Born Again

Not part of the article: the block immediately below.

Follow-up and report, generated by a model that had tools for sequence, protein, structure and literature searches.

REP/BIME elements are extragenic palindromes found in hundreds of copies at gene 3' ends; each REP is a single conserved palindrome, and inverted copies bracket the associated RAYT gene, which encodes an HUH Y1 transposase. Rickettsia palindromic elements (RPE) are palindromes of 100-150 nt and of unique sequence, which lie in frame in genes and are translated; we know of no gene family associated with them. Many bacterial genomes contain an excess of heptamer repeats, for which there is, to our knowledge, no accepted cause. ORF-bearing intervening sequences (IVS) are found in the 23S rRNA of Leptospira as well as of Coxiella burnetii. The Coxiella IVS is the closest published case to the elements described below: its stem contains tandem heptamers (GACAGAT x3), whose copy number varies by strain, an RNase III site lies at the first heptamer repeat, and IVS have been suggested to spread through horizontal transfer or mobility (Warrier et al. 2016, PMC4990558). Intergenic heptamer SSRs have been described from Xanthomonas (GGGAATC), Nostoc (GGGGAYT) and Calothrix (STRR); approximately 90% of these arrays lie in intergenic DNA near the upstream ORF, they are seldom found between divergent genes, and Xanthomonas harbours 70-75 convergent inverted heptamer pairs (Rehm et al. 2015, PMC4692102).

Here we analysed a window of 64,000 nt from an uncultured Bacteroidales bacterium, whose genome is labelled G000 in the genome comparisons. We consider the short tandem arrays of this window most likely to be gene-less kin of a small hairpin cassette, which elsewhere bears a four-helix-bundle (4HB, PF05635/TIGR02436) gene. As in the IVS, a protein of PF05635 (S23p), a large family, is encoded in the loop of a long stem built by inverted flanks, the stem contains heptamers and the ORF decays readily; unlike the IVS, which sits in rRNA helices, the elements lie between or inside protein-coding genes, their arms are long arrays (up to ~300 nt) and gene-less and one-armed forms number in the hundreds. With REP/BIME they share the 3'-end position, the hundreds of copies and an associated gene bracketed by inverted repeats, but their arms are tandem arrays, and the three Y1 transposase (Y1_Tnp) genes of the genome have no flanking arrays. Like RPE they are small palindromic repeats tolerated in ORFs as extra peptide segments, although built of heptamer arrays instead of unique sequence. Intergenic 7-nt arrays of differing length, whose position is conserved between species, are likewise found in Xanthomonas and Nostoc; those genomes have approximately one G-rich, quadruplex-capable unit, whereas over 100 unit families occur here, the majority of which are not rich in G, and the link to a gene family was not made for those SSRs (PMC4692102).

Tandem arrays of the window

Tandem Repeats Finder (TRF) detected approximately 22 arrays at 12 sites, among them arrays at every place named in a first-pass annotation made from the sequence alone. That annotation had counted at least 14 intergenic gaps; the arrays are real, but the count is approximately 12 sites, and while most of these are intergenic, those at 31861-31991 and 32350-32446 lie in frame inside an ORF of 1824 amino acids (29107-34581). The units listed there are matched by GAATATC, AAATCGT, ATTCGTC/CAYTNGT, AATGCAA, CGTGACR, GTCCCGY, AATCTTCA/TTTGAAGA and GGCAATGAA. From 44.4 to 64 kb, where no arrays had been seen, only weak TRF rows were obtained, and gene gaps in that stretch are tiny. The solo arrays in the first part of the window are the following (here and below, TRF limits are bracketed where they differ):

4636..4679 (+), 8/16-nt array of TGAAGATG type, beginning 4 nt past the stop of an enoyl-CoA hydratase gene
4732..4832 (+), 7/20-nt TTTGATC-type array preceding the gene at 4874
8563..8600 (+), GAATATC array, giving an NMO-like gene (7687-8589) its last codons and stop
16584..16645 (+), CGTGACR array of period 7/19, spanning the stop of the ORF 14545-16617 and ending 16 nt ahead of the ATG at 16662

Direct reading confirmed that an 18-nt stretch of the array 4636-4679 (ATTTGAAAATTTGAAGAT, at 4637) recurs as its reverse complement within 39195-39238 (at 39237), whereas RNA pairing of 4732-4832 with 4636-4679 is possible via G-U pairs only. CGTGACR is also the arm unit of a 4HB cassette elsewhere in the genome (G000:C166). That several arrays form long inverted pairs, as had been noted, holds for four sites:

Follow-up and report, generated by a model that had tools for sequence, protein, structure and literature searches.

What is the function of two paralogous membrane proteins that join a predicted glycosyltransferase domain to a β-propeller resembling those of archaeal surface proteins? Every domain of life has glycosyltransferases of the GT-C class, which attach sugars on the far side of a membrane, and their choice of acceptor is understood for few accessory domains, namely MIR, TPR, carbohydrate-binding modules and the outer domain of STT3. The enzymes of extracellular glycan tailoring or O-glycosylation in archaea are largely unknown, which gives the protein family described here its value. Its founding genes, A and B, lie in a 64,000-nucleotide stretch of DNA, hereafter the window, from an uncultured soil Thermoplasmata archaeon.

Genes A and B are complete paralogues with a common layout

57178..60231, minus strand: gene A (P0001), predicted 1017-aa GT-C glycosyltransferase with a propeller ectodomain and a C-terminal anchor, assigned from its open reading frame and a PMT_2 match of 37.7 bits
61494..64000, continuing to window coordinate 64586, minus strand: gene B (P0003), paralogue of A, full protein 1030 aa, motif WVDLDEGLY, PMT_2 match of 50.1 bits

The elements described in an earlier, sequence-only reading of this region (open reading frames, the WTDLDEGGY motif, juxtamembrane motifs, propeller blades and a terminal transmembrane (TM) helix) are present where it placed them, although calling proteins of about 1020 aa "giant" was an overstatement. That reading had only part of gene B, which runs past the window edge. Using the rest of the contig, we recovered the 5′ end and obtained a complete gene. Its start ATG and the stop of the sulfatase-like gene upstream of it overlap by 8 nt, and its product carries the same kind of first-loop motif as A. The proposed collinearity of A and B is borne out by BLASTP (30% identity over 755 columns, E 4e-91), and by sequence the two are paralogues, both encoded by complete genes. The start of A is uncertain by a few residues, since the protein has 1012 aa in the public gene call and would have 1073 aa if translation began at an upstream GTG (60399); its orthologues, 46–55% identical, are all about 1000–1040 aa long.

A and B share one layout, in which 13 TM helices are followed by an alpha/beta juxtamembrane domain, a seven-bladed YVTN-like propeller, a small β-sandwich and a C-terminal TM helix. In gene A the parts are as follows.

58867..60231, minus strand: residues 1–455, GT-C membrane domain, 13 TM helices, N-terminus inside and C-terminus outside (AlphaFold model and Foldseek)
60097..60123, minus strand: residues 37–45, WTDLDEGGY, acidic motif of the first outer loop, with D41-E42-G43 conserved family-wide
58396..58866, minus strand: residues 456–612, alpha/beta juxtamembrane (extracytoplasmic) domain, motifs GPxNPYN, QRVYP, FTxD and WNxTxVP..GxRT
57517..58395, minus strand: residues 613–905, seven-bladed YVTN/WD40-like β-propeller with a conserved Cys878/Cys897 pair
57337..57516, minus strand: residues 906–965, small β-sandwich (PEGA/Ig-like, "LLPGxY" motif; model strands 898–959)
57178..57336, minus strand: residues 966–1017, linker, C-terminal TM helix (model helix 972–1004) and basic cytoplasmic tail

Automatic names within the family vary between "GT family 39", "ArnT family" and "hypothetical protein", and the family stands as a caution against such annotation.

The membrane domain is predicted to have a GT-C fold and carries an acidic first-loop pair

It's Tuesday night at the Trinity United Church of Christ on Chicago's South Side, and Jawanza Kunjufu is conducting his weekly "Black Liberation Workshop." Kunjufu, author of books such as Countering the Conspiracy to Destroy Black Boys, is an active member of Trinity and an uncompromising black nationalist.Not long ago, such a combination would have been considered an oxymoron. Nationalists regarded Christianity with suspicion at best, and many denounced it outright as a tool of white oppression designed to sap the spirit of black rebellion. But things have changed. This is not your father's black church.Participants in Kunjufu's workshops at Trinity do everything from discuss current books by black authors to develop strategies to improve their community. One such strategy is the church's outreach programs, in which groups of black men blanket high-crime areas, confronting local youth face to face and counseling them about the educational and employment opportunities that the church offers."You'd really be surprised at just how effective that technique has been," Kunjufu says. "By meeting them on their turf, on their terms, we show them respect and they appreciate that. But we also show them that we're not intimidated by their swagger -- that church men are strong and assertive. We've pulled in dozens, perhaps hundreds, of youth off the street and into programs using this process."The Rev. Jeremiah Wright is Trinity's pastor and the prime mover behind the church's innovative, aggressive approach to community empowerment. He is one of many Christian preachers who subscribe to a kind of "liberation theology." Kunjufu explains: "There are three types of churches: entertainment, which are all music, shouting and emotionalism; containment, which are open only on Sunday from 11 a.m. to 1 p.m; and liberation, which is the only effective church. Liberation churches are driven by theology that requires Christians to feed the hungry, clothe the naked and free the captives."By actively addressing an array of social and political issues affecting African-Americans, Trinity has earned considerable notice. With a membership of more than 7,000, it is one of Chicago's fastest-growing congregations, drawing its parishioners primarily from the ranks of the educated middle class.Chicago is home to other black churches with a similar agenda. A few blocks southwest of Trinity, for example, is the Fernwood United Methodist Church, the headquarters of the Million Man March's Local Organization Committee, which has remained active in community issues since the October 1995 march.Chicago is far from unique. Black churches across the country are defying stereotypes and attracting baby boomers weaned on '60s activism. This marks a remarkable change from the radical ideas of that era that equated Christianity with submission. For many black activists, Christianity not only was "the opiate of the masses" that Marxists denounced, it was also -- with its overwhelmingly European icons -- an instrument of white supremacy.That judgment had been a strong undercurrent in black nationalism since at least 1887, when Edward W. Blyden, a Liberian author who inspired the Pan-African movement, published Christianity, Islam and the Negro Race. Blyden, himself a Christian minister who later converted to Islam, concluded that "Christianity had stymied and thwarted the development of the Negro."Although nationalists bemoaned Christianity's pacific influence, they often overlooked the black church's capacity to cultivate the seeds of dissent: Nat Turner, Denmark Vesey and Gabriel Prosser were all Christian preachers who led slave insurrections. Other historical figures combined aspects of Christian doctrine with their notions of racial redemption. Bishop Henry Turner, for example, was a prominent African nationalist and a leader in the African Methodist Episcopal church. Marcus Garvey, whose Universal Negro Improvement Association was the largest black nationalist group in history, established the African Orthodox Church, which was a kind of Christianity with black faces.Although the church played a crucial role during the civil rights struggle, '60s activists made a decided turn away from the Christian tradition that had nurtured previous generations. That shift can be attributed in large part to the influence of Malcolm X, the eloquent black orator who represented Elijah Muhammad's rabidly anti-Christian Nation of Islam for most of his public years. Malcolm regularly ridiculed "jack-leg preachers" for doing the bidding of "blue-eyed devils."Ironically, the NOI's black-nationalist orientation has been a major influence in altering the contemporary face of black Christianity, a change which partially accounts for its current dynamism. Many of the so-called "liberation churches" borrow heavily from the NOI's structure. Their men's divisions, for example, are often deliberately patterned after the Nation's "Fruit of Islam" security force. Responding to criticism of blacks venerating European images of divinity, most of these churches now display religious icons of a darker hue while Afrocentric motifs increasingly dominate church decor.The NOI has also served more directly as a catalyst for a new wave of Christian activism. When Minister Louis Farrakhan called for the Million Man March two years ago, he immediately put traditional black leadership on the defensive. Eight months before the scheduled march, the Rev. Jesse Jackson called more than 200 high-powered black ministers together for a strategy meeting. "We must go on the moral offensive," Jackson told the assembled group. "It is up to preachers to take up the cross of leadership and education and bring America back to the moral center."Jackson, who had not yet jumped on the march bandwagon, was trying to revive a seemingly moribund Christian movement in order to fend off the challenge of Farrakhan's growing influence. Ultimately, however, the enormous popularity of the march revealed that black America was dissatisfied with the inability of traditional black leaders to respond effectively to the racism entrenched in American society.Farrakhan's ascension to the top ranks of leadership troubled many who considered him an enemy of Christianity. The recent transformation of the Rev. Benjamin Chavis, an ordained minister of the United Church of Christ and the former head of the NAACP, to Minister Benjamin Muhammad of the NOI will do little to ease the worries of church officials.As it turned out, the vast majority of the men at the Washington march were and remained Christians, and many returned home determined to increase their involvement in community-building. Because of its history and ubiquity, the black church provides the ideal venue for community work. Many churches have returned to the old tradition of building homes and schools and pooling economic resources."Put simply, the thousands of young blacks returning to the nation's 65,000 black churches truly constituted, as the Washington Post stated, 'a movement sweeping through black middle-class congregations,' " writes Beverly Hall Lawrence in her 1996 book, Reviving the Spirit: A Generation of African-Americans Goes Home to Church.While it's difficult to gather hard statistics on the issue, Lawrence is convinced by anecdotal accounts, her own reporting and the available data that black church membership is going up. "African-Americans are part of the larger return of baby boomers to religion," she notes.The influx of black congregates is also changing the nature of the black church. "The coming-to-church-for-personal-salvation-only days are over," Lawrence writes. "Now we are looking not only for personal salvation but social salvation." The challenges of the church have become more secular in response to the new concerns of its booming membership. "My generation sees little separation between the traditional spiritual function of the church and the need for black political and economic parity," Lawrence adds.Lawrence's argument reinforces the notion that the growth of the church is related to a turn toward black self-reliance and nationalism. "Unlike traditional civil right organizations, the church does not depend on white corporate money or government dollars to survive," she writes. "The black church is funded solely by the black community."Lawrence offers the Bethel African Methodist Episcopal Church in Baltimore as a prime example of her argument. In 1990, Newsweek ranked Bethel as one of the five fastest-growing congregations, black or white, in America. Bethel's membership climbed from 310 in 1975 to nearly 10,000 in 1996, and, Lawrence reveals, it is the nerve center of much of Baltimore's black politics. The church's pastor, the Rev. Frank Madison Reid III, is one of the city's most influential voices.Bethel's success is extraordinary, but many other black churches have enjoyed similar, if more modest, bursts of growth in recent years. Their congregations, too, are demanding more social and political engagement. In an age when politicians of both parties demean the social role of government, the black church is becoming more important as an anchor of both social relief and economic development.In January, leaders of the eight major black denominations met at the Congress of National Black Churches in Charlotte, N.C., and resolved to expand their efforts at job training and placement, to encourage entrepreneurial development, and to ensure that black students are educated to work with computers and information technology. "It seems clear that the government is getting out of the job-training and safety- net business," said Bishop Roy Winbus, the Congress's chairman. "So it looks like we're going to have to pick up the slack."